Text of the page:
It should not have come as a surprise that the ACT Government would opt for a wire-free run to Commonwealth Park from the city for the next stage of light rail.
Both the business case and the EPBC documents lodged with the Federal environment department canvassed wire-free sections of the Stage 2 route in response to demands from the National Capital Authority that heritage vistas and the areas of national significance in the Parliamentary Triangle not be adversely impacted by unsightly poles and wires.
The EPBC documents in particular present the 1.7 km City to Commonwealth Park leg as a self-contained wire-free proposal, with light rail vehicles charging at the three new stops of City West, West Basin and Commonwealth Park.
The confirmation that Stage 2A will be wire-free means a higher price-tag as new and existing light rail vehicles will need to be fitted with onboard energy storage with regenerative braking capability, as well as a traction power substation connected to the system at Commonwealth Avenue having to be built in Commonwealth Park.
While tracks will be laid in the middle of London Circuit once the light rail turns into Commonwealth Avenue, they will be on the grassed median down to Commonwealth Park.
How much extra going wire-free will cost cannot be revealed as the ACT Government is still negotiating the deal with Stage 1 operator Canberra Metro to construct and run Stage 2A, although one expert put the premium at 20 per cent extra per vehicle.
Transport Minister Chris Steel insists it is not prohibitive, but Chief Minister Andrew Barr had expressed some caution at the cost, preferring that wire-free running be limited to sections where it was essential.
But in order to keep the NCA onside and secure approvals for the longer and more complex Stage 2B to Woden, the Government has decided it’s a price worth paying. It also makes sense to make the whole 1.7 km wire-free rather than switch at the Commonwealth Avenue turn.
Associate Professor Matthew Burke from the Cities Research Institute at Griffith University told the ABC the ACT Government had been wedged.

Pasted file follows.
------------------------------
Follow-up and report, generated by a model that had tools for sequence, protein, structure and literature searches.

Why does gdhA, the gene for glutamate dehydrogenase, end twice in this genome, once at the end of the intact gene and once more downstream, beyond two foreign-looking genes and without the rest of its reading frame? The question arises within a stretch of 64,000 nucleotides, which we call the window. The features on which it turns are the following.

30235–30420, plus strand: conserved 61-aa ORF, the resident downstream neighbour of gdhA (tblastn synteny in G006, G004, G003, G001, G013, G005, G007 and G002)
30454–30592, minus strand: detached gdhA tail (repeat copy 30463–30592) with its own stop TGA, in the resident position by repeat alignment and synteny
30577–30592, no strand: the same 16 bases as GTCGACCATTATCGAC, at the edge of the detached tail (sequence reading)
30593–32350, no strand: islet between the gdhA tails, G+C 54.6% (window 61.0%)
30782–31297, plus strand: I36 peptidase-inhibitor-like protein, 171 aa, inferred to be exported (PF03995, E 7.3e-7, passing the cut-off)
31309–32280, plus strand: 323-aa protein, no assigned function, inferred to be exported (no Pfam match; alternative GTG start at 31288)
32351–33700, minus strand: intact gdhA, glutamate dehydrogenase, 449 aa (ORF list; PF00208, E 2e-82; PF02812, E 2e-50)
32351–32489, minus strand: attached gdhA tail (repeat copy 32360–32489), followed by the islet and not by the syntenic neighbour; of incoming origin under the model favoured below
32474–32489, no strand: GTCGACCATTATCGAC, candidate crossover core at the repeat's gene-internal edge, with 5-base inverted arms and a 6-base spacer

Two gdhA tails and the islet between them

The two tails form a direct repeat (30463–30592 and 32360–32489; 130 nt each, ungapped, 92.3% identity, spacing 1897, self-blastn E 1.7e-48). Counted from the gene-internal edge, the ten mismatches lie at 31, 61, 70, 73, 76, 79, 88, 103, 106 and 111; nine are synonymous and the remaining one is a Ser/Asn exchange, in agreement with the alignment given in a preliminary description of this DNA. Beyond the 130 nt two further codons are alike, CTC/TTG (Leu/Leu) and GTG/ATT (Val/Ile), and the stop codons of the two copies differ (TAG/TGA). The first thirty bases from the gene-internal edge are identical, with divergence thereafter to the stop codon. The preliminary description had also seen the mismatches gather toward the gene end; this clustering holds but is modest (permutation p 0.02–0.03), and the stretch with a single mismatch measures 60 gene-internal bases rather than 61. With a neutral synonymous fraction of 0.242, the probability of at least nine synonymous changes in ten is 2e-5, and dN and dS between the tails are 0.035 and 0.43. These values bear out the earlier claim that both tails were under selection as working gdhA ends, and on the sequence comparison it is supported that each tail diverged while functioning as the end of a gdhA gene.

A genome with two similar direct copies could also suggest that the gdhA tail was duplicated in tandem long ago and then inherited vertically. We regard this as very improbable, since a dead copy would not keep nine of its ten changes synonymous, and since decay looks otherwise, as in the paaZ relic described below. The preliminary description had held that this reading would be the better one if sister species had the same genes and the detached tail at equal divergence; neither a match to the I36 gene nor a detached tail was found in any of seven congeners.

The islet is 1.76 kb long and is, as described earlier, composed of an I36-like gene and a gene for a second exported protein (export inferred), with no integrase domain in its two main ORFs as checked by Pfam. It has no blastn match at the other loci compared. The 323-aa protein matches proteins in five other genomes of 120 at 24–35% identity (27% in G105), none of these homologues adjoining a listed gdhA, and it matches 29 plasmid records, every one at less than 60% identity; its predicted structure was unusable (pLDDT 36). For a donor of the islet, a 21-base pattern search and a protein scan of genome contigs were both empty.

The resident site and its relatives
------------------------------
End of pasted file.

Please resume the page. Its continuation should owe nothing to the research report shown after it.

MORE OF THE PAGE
“The NCA’s made it pretty clear they don’t want an operation with catenary (the wires) and they’ve really forced their hand to run with a battery tram,” he said.
At this rate, we could see wire-free running all the way to the Lodge on Adelaide Avenue.
It is understandable therefore that the ACT Government should be looking to the Commonwealth, if it is making demands that will mean extra costs, to contribute to the bill.
This is besides the fact that a major public transport project in the nation’s capital that will serve the Commonwealth’s own workforce should attract some co-funding, particularly if the Morrison Government needs to stimulate a flagging national economy come Budget time.
The Canberra Liberals, while acknowledging the popularity of Stage 1, remain loath to back Stage 2, saying they want to see the numbers before making any commitment.
This has drawn the ire of the Public Transport Association of Canberra which called on the Opposition to outline their plans for bringing light rail to Woden ahead of the Territory election in October.
But the wire-free decision could see the Liberals flirt even more with the evolving trackless trams technology, touted to be a much cheaper option than rail after their transport spokesperson Candice Burch talked it up in the Assembly last year.
Promoted by Curtin University sustainability expert Professor Peter Newman, the Chinese autonomous rail transit, or ART, is an electric articulated vehicle on rubber wheels that runs in dedicated lanes.
PTACBR chair Ryan Hemsley has derided the technology as a novelty electric bus.
“Once you factor in the costs of constructing an exclusive right of way, inclusive of utilities relocation, concrete trackbed, accessible stops and recharging points, what you will be left with is an unproven piece of technology, locked into a single supplier with no discernable cost advantage over light rail. These ‘trackless scams’ offer the worst of all possible worlds and should not be given serious consideration by the ACT Government,” he says.
There are also concerns about how the lack of route permanence impacts on the residential and commercial development potential that light rail is designed to unlock.
But there is no chance now that the Government will change tack and it will want to have contracts in the bag before its October date with the electorate so it can go into the campaign with Stage 2A locked down and maybe even underway.
For ACT taxpayers, it would be a good thing if the Feds cough up part of the bill.